An emotional Twitter bot for a gallery installation
Empathy Deck is a digital commission by artist Erica Scourti for the Wellcome collection’s Beyond Bedlam exhibition. It’s a bot that runs on Twitter, trying to empathise with its followers from time-to-time, offering them something it’s made itself. The artwork explores the changing shape of mental healthcare online. You can find it as @empathydeck on Twitter.
The programme copy explains it best:
Inspired by the language of divination card systems like tarot, the bot uses five years’ worth of the artist’s personal diaries intercut with texts from a range of therapeutic and self-help literatures. The texts are accompanied by symbols drawn from the artist’s photo archive, in an echo of the contemporary pictographic language of emoticons.
Somewhere between an overly enthusiastic new friend who responds to every tweet with a ‘me-too!’ anecdote of their own and an ever-ready advice dispenser, the bot attempts an empathic response based on similar experiences. It raises questions about the automation of intangible human qualities like empathy, friendship and care, in a world in which online interactions are increasingly replacing mental health and care services.
I first prototyped and then produced the software component of the work. Erica had a clear goal for the project - the fusion of self-help and personal text - along with the perspective that it should produce ‘cards’ based on her own artwork and designs. But beyond that, there was space to explore the terrain and process a little, and so that was where we began in the early stages of the project - sketching and prototyping in code.
We would often end up working sat next to each other - running the corpuses of text through our scripts to manipulate them, and eyeballing the output to see if it was heading in the right direction. This was a playful process - shaping code to generate prose that felt right, chatting with each other throughout. It also meant we built the domain language of the project together - both what the code called things, and how we thought about things. It was a really good piece of collaboration.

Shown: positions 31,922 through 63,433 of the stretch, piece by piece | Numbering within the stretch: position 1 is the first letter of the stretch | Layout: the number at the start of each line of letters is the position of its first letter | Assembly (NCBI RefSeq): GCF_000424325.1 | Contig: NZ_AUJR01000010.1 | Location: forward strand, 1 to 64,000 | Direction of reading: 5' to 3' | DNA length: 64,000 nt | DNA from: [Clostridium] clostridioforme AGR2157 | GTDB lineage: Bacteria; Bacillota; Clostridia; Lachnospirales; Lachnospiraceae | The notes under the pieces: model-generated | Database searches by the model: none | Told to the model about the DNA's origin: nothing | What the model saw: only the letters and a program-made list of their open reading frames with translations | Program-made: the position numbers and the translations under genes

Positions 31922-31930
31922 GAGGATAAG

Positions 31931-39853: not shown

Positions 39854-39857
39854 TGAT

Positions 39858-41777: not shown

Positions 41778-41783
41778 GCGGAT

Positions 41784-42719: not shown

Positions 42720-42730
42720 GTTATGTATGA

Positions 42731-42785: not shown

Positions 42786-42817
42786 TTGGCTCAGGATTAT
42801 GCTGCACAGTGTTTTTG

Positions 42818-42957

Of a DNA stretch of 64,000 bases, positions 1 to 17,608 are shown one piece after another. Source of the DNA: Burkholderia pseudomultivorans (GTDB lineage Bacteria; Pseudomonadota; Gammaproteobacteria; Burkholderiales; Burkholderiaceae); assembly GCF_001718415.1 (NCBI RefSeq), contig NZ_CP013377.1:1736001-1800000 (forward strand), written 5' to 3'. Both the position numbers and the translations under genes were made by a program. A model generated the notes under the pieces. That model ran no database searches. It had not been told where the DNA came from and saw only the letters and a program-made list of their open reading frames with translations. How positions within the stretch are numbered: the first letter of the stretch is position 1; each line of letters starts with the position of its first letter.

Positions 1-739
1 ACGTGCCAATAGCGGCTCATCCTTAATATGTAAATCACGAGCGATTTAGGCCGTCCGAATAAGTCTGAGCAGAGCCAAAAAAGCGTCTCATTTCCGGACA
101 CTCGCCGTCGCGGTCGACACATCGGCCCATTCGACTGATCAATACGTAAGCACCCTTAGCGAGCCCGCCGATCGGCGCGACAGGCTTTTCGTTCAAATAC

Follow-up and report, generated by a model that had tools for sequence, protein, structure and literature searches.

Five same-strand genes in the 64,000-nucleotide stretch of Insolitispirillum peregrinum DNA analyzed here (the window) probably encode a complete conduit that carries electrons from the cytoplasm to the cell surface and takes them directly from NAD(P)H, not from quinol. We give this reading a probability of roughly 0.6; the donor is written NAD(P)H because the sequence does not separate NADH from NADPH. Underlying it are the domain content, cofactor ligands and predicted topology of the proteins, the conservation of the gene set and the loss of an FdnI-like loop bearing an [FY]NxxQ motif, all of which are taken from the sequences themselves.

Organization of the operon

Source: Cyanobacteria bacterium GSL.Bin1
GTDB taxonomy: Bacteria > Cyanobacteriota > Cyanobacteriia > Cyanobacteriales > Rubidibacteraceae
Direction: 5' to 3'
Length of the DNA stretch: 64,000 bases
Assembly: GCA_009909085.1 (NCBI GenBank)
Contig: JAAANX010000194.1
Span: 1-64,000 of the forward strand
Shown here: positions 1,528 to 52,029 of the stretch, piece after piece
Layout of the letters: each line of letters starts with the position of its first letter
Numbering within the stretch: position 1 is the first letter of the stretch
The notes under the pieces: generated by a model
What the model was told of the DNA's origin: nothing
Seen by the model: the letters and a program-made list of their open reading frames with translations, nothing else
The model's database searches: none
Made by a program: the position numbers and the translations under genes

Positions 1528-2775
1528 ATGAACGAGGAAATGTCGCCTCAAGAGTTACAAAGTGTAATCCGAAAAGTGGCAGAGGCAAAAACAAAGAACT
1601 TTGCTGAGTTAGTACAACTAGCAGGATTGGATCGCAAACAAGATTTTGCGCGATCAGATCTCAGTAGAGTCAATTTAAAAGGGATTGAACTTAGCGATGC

As the text-manipulation algorithms settled into place, we also worked on the code to generate the unique ‘cards’ that the bot gave out. Whilst the bot was generating text, it was important that its output had the form of a modern take on ‘goddess cards’ or tarot cards. This was achieved by taking Erica’s own background art, some foreground ‘emoji’, and a variety of typefaces, including one based on Erica’s own handwriting, and laying out each card as a small webpage. This meant we could prototype quickly in the browser. Once we’d got everything prototyped on screen, the final code used PhantomJS to take screengrabs of these miniature pages, turning them into jpeg files to attach to the final tweet.
A card from the Empathy Deck - which this time, chose to write in rhyming couplets.
Twitter integration for art projects is often a complex issue: it’s usually outside the intended use of the service, and it was important to minimise the likelihood we’d be thrown off or blocked. A substantial amount of my work on the project was making sure our Twitter integration was rock-solid and highly conservative.
By ‘conservative’, I mean: making sure we didn’t reply to retweets, links, or ongoing conversations, and not replying to conversations containing any of a very broad list of stopwords (or generating text containing those words). We also had to carefully design how we follow users. It was important for users to be able to see our replies to them, but we couldn’t just ‘auto-follow’ users - that’s strongly discouraged by Twitter. Jim Kang’s Appropriate Tributes was a highly useful point of reference for approaches to these issues, and also a good example of all the many things that need thinking about!
Danny Birchall and Martha Henson were hugely helpful in their production roles during the build and post-launch. The project ran successfully for the duration of the Beyond Bedlam show, and the Wellcome have continued to support it after the physical show has closed. Erica and I have continued to update it since then with new content, and it continues to sit on the internet, making its cards.
Update: the Empathy Deck ceased updating in autumn 2018, when Twitter’s changes to the APIs it made available to developers meant that the artwork could no longer function correctly. All its content remains online.